1 With the analysis of the nature of attention, Davenport and Beck clarify that attention is a link between capital, labour, information and knowledge in a new economy and has become a currency. Davenport, T. H. & Beck, J. C (2001). “The Attention Economy”. In: Ubiquity, Vol. 2001. Issue May 2001.
2 Hayles differentiates attention based on the duration and calls the one shaped by digital technologies “hyper attention” and the one shaped by traditional media, such as books, writings and others, “deep attention”. Hayles, N. K. (2007). “Hyper and deep attention: The generational divide in cognitive modes”. In: Profession, 13, 187-199.
3 Stiegler, B. (2012) “Relational Ecology and the Digital Pharmakon”. In: Culture Machine. Vol. 13, 8.
4 Stiegler, B. (2017). “The Proletarianization of Sensibility”. In: Boundary 2. Vol. 44. no.1 February 2017. Durham: Duke University Press, 5-18. The issue is also discussed in: (2014). Symbolic Misery 1: The Hyperindustrial Epoch. Transl. B. Norman. Cambridge: Polity Press. In a more recent article, De Preester responds to Stiegler’s examination of attention and discusses that meditation, which is a traditional discipline of another attentional form, carries the second force of the counteraction against the proletarianization of sensibility. Since it functions as a repetitive practice on a more individual level than education, she sees it as an importance means. This overlaps substantially with the means of art practice as well. In: De Preester, H. (2021). “Life is what you fill your attention with – the war for attention and the role of digital technology in the work of Bernard Stiegler”. In: Phenomenology and Mind, 20, 2021. 102-116.
5 Levinas, E. (1987) Time and the Other. Pittsburgh: Duquesne University Press, 39. Levinas continues: “It is not a matter of saying how time is chopped up and parcelled out thanks to the notions we derive from society, how society allows us to make a representation of time. It is not a matter of our idea of time but of time, itself.”
6 Uchiyama states that time always needs another element to be encountered in order to exist as time. In this regard, he considers that time appears when we produce time. In other words, our existence is time. Uchiyama, T. (1993/1995). Twelve Chapters on Time. (title translated by Yoshida) Tokyo: Iwanami Shoten.
7 Unfortunately, I have lost the source of information, however, a Japanese data scientist made a cognitive experiment to test the sense of time by programming all photos of his life – the images from his birth until the present – to pop up regularly at the corner of his computer screen and observed any changes of perception. His empirical report says that he ends up feeling that all the photos are a present event, no matter how old the images are.
8 Stiegler, op.cit., 1. Stiegler looks into the notion of attention going back to its origin in Latin and writes a concise etymology of the notion of attention in European languages.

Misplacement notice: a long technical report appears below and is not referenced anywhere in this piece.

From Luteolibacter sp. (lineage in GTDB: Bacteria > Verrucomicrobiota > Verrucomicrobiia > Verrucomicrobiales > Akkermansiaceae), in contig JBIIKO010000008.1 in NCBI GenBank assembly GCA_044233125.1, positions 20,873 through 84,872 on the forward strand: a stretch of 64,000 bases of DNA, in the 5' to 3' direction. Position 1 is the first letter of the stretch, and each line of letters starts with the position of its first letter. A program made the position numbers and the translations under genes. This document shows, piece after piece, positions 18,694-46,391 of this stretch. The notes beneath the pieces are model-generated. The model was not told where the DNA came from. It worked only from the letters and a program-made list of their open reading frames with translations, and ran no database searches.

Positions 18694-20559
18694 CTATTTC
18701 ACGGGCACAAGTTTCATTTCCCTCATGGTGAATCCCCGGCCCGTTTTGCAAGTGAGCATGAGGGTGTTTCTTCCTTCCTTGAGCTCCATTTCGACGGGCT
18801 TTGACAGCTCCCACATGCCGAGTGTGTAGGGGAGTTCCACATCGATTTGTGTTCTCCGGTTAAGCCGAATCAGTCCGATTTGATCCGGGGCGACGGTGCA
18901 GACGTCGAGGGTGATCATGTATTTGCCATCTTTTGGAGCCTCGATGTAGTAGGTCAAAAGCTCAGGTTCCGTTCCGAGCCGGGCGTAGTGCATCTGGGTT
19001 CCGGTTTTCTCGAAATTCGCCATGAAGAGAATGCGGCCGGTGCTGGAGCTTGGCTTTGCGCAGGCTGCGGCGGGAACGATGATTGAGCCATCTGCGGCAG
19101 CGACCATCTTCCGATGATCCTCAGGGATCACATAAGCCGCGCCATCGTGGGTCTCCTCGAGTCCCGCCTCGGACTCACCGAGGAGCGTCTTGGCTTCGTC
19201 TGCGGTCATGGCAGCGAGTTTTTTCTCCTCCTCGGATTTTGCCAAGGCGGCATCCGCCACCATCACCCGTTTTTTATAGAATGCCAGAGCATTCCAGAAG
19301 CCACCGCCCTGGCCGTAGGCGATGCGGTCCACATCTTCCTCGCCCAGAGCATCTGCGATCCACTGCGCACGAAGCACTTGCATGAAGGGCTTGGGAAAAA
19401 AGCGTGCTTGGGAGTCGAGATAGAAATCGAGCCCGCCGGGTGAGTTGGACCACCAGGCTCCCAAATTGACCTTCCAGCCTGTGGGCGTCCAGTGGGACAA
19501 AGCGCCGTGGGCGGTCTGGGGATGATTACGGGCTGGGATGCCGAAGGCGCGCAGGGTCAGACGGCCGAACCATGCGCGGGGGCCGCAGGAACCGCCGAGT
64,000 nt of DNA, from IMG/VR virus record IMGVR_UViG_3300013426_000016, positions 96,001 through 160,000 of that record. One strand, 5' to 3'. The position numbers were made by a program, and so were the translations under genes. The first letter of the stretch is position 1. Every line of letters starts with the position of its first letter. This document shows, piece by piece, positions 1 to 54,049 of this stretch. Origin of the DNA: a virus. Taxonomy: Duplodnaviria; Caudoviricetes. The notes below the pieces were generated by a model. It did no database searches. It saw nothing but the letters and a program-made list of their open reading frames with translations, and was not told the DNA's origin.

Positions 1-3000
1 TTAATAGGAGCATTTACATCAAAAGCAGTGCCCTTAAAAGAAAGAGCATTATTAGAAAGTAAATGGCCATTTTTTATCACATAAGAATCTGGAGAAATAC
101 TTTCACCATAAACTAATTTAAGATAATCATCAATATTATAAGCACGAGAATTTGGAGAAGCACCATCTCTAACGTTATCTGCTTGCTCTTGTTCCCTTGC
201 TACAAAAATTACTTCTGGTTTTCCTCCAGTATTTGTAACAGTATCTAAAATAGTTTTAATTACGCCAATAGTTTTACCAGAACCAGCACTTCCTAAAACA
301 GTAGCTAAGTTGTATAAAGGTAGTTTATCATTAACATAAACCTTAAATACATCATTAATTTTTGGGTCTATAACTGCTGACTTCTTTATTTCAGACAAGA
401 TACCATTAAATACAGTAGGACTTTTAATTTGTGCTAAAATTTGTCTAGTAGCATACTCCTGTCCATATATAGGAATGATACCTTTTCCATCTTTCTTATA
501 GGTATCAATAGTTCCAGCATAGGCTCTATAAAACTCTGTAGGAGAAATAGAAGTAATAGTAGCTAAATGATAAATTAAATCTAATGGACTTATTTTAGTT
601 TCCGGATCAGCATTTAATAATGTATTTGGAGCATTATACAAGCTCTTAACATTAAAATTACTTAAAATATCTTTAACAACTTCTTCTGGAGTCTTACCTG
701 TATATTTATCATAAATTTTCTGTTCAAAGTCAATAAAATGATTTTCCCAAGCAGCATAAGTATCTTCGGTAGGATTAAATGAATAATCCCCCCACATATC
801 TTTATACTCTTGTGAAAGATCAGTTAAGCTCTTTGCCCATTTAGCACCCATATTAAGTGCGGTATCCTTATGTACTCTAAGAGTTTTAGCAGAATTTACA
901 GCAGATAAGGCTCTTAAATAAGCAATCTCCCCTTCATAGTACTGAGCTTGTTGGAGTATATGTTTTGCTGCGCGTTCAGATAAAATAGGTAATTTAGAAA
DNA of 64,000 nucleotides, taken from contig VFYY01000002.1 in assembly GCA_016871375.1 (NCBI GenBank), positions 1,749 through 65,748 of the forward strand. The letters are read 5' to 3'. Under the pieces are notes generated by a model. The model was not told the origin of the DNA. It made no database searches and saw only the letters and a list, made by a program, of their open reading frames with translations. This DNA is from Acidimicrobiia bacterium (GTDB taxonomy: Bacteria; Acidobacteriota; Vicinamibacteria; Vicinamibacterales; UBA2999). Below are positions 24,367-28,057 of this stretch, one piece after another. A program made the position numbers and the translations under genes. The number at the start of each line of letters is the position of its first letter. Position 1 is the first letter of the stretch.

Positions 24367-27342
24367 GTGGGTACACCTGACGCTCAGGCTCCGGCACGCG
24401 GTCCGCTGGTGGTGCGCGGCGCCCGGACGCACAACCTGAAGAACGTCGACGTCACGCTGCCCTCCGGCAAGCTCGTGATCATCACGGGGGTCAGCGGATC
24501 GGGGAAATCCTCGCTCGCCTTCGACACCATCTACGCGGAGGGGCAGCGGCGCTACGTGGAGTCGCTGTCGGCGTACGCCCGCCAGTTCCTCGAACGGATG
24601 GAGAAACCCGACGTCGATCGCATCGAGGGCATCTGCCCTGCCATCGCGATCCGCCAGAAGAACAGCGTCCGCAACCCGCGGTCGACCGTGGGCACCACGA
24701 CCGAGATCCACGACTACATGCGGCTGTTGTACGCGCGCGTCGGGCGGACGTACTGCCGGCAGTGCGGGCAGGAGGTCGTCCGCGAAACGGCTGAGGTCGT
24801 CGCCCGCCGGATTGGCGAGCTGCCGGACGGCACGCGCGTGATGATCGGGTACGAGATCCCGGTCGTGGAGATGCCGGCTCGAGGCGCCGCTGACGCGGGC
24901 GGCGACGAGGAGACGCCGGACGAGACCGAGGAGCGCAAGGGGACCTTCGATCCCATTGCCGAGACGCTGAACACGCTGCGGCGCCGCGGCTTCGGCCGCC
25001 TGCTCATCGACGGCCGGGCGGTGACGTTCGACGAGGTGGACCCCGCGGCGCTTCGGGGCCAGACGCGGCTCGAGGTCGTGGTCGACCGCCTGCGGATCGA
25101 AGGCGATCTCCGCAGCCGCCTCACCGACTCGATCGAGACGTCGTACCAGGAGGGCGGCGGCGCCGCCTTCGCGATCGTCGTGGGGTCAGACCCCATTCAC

9 The exhibition, Listening to the Stone/ Den Steinen zuhören was held from 20.11.2021-6.3. 2022 at the Kunsthaus Dresden, Dresden, Germany. The project was curated by Miya Yoshida in collaboration with the Kunsthaus (Christiane Mennicke Schwarz and Kerstin Flasche). The subsequent publication, both the multi-media digital and printed version, was published in June 2023. The digital catalogue can be found at https://miyayoshida.com/research-topics/listening-to-the-stones/lts-ebook/
10 “Mental sketch” is a term used in the poetry book “Spring and Asura” (1924) by Miyazawa Keji. The poems expand the imagination on the perpetual self, “I”, to addresses various propositions attributed to our imagination in dynamic time-space, starting from an illuminating blue light, an electron on a micro scale, a dot in relation to historical time, data, and to geology in the future.
11 Niemi, M. (2008). “Stone” In: Astrotruckers. London: Harvil Press, 50.
12 Simondon, G. (1968/1989) psychique et collective, Paris: Aubier. (2020) Individuation in Light of Notions of Form and Information, Minnesota: University of Minnesota Press.
13 Durham, J. (2023). “The Inner Chamber/Die Inneren Kammern”. In: Listening to the Stones. Eds. Yoshida, M., Schwarz, C. M. et al., Dresden: Kunsthaus Dresden, 143-150 (German translation by Karl Hoffmann), 151-157 (English original). First published in Spanish in 2013: “las cámaras”. In: FLOUR, Revista de Cultura Contemporãnea, #7 (07/08/09), 2013, 54-77.
14 Gins, M. (1969). The full title is WORD RAIN or A DISCURSIVE INTRODUCTION TO THE INTIMATE PHILOSOPHICAL INVESTIGATIONS OF G,R,E,T,A, G,A,R,B,O IT SAYS. New York: Grossman Publishers.
15 Gamier, M.-D.(2014). “She_is_raining”: a Reading of WORD RAIN (Madeline GINS 1941-2014), 1.
16 Lecercle, J.J. (2010) “Gins and Arakawa, or The Passage to Materialism”. In: Architecture and Philosophy: New Perspectives on the Work of Arakawa & Madeline Gins, Vol. 6 of the Architecture, Technology, Culture series. Eds. Lecercle, J.J. and Kral, F., Leiden: Brill Academic Publishers, 2010, 17-35. The basic principle of visionary cybernetics was continuously explored and developed in the long-term research project The Mechanism of Meanings (1963-1996) in collaboration with Arakawa Shusaku, the Japanese conceptual artist. The project dealt with the theme of onto-epistemology using the means of visual art and architecture.